Healthy Life

Eating cheese protects blood vessels from damage due to excessive salt intake


According to a study by Penn State University, the benefits of eating cheese can be important to arterial health.

The antioxidants found naturally in cheese can help protect blood vessels from damage caused by high levels of salt in food.


Researchers from PennState found in a statement that adults who consumed more sodium developed abnormalities in blood vessels.

But when the same adults consumed four servings of cheese daily, this negative arterial effect was not noticed.


Benefits of eating cheese

The study author said these results could help people eat more delicious foods while reducing the risk of eating too much salt in their diet.

And that “there is a lot of pressure to reduce the sodium from food, but it is difficult for many people.”

“An alternative strategy might be to incorporate more dairy products like cheese into the diet to reduce cardiovascular risks and improve vascular health without reducing sodium.”


Improve heart health

While sodium is an important mineral for the human body in small doses, researchers believe that too much dietary sodium is linked to cardiovascular risk factors such as high blood pressure.

The American Heart Association recommends eating no more than 2,300 milligrams (mg) of sodium a day. The ideal amount for most adults is around 1,500 mg.


According to the study official, previous research has shown a link between consuming dairy, even high-sodium cheese, and improving heart health.

“Studies have shown that people who consume the recommended number of cheeses daily usually have lower blood pressure and better overall cardiovascular health,” he said.

“We wanted to look more closely at these relationships and examine some of the subtle mechanisms of cheese on heart health.”


The researchers included 11 adults for the study. They all followed four different meals for eight days.

The first meal is a low-sodium diet with no dairy.

The second meal is a low-sodium diet with a high proportion of cheese.

The third meal is a high-sodium and dairy-free diet.

The fourth meal is a diet rich in sodium and cheese.


Participants on low-sodium diets consumed 1,500 mg of salt per day.

The high-sodium meals contained 5,500 mg of salt per day.

The cheese diets included 170 grams, or about four servings, of different cheeses per day.

After a week, the participants’ veins were examined again.


The researchers used acetylcholine, a drug that signals blood vessel relaxation.

Participants also took blood pressure measurements and provided a urine sample to ensure that they consumed the right amount of salt throughout the week.

Antioxidants contribute to the positive effect

The researchers found that the participants’ blood vessels did not react to acetylcholine after a week with the high-sodium diet without cheese.

Conversely, on a diet high in sodium and cheese.


The data suggest that antioxidants in cheese may be a contributing factor.

“There is scientific evidence that milk-based nutrients and especially peptides, which are formed during the digestion of milk proteins, have beneficial antioxidant properties.

This means that it can intercept these oxidizing molecules and protect them from their harmful physiological effects. ”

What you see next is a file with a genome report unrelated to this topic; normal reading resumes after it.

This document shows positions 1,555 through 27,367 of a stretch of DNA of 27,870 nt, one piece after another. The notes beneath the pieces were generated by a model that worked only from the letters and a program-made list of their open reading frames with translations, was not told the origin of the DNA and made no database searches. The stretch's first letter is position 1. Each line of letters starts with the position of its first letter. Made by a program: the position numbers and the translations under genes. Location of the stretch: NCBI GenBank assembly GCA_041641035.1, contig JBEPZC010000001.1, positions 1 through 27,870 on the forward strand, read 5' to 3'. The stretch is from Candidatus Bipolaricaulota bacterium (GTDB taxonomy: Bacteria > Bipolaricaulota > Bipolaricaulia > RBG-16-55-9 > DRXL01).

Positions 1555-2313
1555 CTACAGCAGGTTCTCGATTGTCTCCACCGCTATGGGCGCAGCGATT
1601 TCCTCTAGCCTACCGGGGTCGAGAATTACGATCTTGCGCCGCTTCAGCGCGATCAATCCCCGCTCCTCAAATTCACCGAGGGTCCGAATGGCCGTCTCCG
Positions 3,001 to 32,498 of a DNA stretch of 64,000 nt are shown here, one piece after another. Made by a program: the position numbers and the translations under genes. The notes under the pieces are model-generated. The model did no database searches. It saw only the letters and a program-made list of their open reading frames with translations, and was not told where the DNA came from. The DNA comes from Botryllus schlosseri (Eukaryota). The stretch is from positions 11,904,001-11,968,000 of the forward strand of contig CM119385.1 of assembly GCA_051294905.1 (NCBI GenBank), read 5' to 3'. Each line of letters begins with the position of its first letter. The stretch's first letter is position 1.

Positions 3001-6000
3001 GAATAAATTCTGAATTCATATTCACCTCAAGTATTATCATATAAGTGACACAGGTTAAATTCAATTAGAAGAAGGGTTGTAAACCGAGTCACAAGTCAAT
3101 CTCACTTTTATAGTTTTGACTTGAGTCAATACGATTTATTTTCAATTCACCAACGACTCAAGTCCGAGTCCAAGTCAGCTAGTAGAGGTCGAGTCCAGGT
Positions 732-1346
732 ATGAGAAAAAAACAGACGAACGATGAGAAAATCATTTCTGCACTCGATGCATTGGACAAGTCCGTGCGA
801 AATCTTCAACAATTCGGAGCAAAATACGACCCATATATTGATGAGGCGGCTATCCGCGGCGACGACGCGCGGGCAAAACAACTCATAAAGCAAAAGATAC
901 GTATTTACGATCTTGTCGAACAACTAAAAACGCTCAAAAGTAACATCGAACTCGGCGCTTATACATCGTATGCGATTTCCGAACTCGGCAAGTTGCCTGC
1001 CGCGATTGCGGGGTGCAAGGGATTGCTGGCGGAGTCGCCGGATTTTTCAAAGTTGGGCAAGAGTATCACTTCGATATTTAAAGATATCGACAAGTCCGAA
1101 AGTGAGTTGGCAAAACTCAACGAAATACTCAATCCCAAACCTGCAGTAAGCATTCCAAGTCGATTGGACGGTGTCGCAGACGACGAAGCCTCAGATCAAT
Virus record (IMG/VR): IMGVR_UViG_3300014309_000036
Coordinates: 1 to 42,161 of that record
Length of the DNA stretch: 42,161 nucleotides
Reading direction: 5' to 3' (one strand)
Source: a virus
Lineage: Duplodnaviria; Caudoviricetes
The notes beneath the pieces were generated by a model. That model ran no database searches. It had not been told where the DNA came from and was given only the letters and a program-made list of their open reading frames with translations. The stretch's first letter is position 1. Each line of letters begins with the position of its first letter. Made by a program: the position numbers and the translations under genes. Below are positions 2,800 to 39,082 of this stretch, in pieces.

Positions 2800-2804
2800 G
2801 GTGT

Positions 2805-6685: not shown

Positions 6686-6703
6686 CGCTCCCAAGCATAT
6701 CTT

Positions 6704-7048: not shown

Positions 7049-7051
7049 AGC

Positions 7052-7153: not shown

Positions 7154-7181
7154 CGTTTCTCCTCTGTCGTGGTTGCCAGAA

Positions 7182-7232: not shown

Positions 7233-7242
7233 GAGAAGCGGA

The first diet was low in sodium or table salt, and there was no cheese, while the second diet was low in sodium, and the proportion of cheese was high, and the third diet was high in sodium and did not contain cheese, while the fourth was high in sodium, with high proportions of cheese.


The low-sodium diets included about 1,500 milligrams of salt per day, while the high-sodium diets included 5,500 milligrams of salt per day.

The meals rich in cheese included the equivalent of 170 grams, divided into 4 meals a day, and contained different types of cheese per day.

At the end of each 8-day diet, the researchers ran tests to measure the participants’ blood vessel function.

Participants also underwent blood pressure monitoring and provided a urine sample to ensure that they consumed the correct amount of salt throughout the week.

The researchers found that the high-cheese diet had a clear effect on blood vessels, protecting them from damage caused by eating high-salt foods, and that effect was not shown in the group that ate high-salt foods but did not contain cheese.


Avocado benefits for obesity and diabetes

A recent study demonstrated the benefits of avocado against obesity and diabetes due to a trace element found in avocados.

Avocado may be the key to combating obesity and delaying or preventing diabetes, according to a recent study by researchers from Canada.

Avocados are known to be delicious and extremely healthy. The fruits are a good source of polyunsaturated fatty acids, as well as many vitamins and minerals.

It also contains the ingredient Avocatin B (AvoB).


Researchers from the University of Guelph in Canada have shown for the first time how this compound found only in avocados can block the cellular processes that lead to diabetes.

The study was recently published in the journal Molecular Nutrition and Food Research.

Obesity is a chronic disease and a major cause of type 2 diabetes.

Insulin resistance in diabetics means that the body cannot properly remove glucose from the blood.

This complication can occur when mitochondria, also known as power plants in the body’s cells, are unable to completely burn fatty acids.

The oxidation of fatty acids allows the body to burn fats.

Obesity or diabetes inhibit this process and lead to incomplete oxidation.

Previous post
What are the foods that reduce the risk of preterm labor
Next post
Avocado benefits against obesity and diabetes